Developmental biology: Frontiers for clinical genetics. Human enbryo and early fetus research

Harry Ostrer, D. I. Wilson, N. A. Hanley

Research output: Contribution to journalArticle

23 Citations (Scopus)

Abstract

Studies of human embryos and fetuses have highlighted developmental differences between humans and model organisms. In addition to describing the normal biology of our own species, a justification in itself, studies of early human development have aided identification of candidate disease genes mapped by positional cloning strategies, understanding pathophysiology, where human disorders are not faithfully reproduced by models in other species, and, more recently, potential therapies based on human embryonic stem and embryonic germ cells. In this article, we review these applications. We also discuss when and how to study human embryo and early fetuses and some of the regulations of this research.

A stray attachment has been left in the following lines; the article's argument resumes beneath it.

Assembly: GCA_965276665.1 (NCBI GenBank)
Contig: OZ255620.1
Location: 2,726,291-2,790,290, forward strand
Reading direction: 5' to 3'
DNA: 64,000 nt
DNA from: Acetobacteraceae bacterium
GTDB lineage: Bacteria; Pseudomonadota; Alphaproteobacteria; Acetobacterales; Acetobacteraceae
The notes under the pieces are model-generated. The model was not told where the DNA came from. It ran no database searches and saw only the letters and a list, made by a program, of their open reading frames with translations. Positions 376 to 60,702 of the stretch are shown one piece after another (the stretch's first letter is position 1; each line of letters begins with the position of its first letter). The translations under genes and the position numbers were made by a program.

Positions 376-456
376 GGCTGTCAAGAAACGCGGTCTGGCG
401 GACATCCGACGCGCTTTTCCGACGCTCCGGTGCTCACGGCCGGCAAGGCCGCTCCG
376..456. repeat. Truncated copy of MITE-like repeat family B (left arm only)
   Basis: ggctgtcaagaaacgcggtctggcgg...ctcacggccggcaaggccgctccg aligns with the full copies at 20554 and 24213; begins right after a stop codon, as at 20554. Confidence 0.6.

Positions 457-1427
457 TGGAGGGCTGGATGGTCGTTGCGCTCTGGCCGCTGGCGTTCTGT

Original languageEnglish (US)
Pages (from-to)98-107
Number of pages10
JournalClinical Genetics
Volume70
Issue number2
DOIs
StatePublished - Aug 2006
Externally publishedYes

Fingerprint

Developmental Biology
Fetus
Research
Embryonic Structures
Genetic Association Studies
Human Development
Organism Cloning

Keywords

  • Differentiation
  • Embryology
  • Embryonic germ cell
  • Embryonic stem cell
  • Fetus
  • Human development
  • Human embryo

ASJC Scopus subject areas

  • Genetics(clinical)
  • Genetics

Cite this

Developmental biology : Frontiers for clinical genetics. Human enbryo and early fetus research. / Ostrer, Harry; Wilson, D. I.; Hanley, N. A.

In: Clinical Genetics, Vol. 70, No. 2, 08.2006, p. 98-107.

Research output: Contribution to journalArticle

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